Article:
e. An implementation and control procedure to translate the marketing plan into an action plan.
The best way of explaining relationship banking is to compare it to the more traditional approach to banking. This more traditional approach is variously called order-taking banking (Donnelly, Berry & Thompson, 1985, p. 112), and transaction banking (Moriarty, Kimball & Gay, 1983, p. 4). There are a number of points of comparison, of which the most significant are as follows:
Berry, L.L. (1989, August 31). Bank marketing, some lessons learned. American Banker, 4, 9.
g. Marketing factors, such as price and price deals, product quality, and service.
Cyrnak, A.W. (1986, April 11). Recent bank failures. FRBSF Weekly Letter, 1-3.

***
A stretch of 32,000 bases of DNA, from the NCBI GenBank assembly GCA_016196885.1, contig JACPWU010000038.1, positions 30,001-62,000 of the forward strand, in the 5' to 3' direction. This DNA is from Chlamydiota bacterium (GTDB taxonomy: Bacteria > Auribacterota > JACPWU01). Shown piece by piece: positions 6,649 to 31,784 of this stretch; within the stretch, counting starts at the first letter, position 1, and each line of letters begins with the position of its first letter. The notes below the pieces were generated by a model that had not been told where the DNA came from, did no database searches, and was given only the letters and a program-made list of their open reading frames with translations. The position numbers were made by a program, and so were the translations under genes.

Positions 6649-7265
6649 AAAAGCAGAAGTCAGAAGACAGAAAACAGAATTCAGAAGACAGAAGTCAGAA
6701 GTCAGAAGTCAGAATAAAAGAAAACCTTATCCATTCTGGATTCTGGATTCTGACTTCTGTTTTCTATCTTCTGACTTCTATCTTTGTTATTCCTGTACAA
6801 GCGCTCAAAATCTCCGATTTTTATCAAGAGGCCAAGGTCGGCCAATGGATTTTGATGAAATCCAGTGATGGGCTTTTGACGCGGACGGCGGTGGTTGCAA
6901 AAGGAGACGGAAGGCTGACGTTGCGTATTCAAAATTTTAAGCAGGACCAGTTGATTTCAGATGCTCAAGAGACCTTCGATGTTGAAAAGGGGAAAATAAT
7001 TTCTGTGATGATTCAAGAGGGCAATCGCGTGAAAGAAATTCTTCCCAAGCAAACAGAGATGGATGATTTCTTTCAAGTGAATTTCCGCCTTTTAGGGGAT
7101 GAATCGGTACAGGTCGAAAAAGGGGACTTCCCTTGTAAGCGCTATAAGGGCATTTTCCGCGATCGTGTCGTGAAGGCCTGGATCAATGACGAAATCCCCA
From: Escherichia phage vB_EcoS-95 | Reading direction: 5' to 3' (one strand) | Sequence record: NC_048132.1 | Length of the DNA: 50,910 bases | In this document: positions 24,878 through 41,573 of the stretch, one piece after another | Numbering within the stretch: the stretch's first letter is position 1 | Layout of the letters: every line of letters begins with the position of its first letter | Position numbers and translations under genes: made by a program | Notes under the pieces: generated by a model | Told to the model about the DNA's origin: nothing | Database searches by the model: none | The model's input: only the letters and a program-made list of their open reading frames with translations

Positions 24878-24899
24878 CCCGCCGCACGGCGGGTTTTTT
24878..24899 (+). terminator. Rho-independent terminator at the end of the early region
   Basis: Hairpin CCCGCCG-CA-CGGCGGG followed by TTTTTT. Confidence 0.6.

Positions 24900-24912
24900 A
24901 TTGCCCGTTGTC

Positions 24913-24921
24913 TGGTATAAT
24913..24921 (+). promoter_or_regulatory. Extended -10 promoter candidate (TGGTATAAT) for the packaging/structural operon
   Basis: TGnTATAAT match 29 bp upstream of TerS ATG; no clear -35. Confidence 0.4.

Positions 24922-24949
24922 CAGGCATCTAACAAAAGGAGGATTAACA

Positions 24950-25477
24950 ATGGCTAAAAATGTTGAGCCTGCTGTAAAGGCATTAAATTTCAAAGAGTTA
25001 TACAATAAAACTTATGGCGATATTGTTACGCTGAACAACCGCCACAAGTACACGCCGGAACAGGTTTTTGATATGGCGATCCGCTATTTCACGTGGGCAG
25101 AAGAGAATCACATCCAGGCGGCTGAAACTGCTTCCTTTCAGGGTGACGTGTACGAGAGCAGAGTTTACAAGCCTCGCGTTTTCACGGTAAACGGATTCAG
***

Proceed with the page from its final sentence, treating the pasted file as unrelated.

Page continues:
Profits do not occur, until all costs have been recovered. Some pricing policies are based on full cost recovery in all instances. The use of marginal cost-based pricing policies, however, often allows a firm to be more competitive in pricing, while still retaining a basis for the full recovery of costs over a specified level of output. Alternatively, marginal cost pricing can permit management to make effective decisions related to the use of excess production capacity. The danger to the firm in using marginal cost pricing in decisions involving the use of excess capacity is that illegal price discrimination may result. Such a risk is associated with relationship pricing. Thus, while the use of marginal cost pricing policies may be a valuable tool for management, care must be exercised in practice.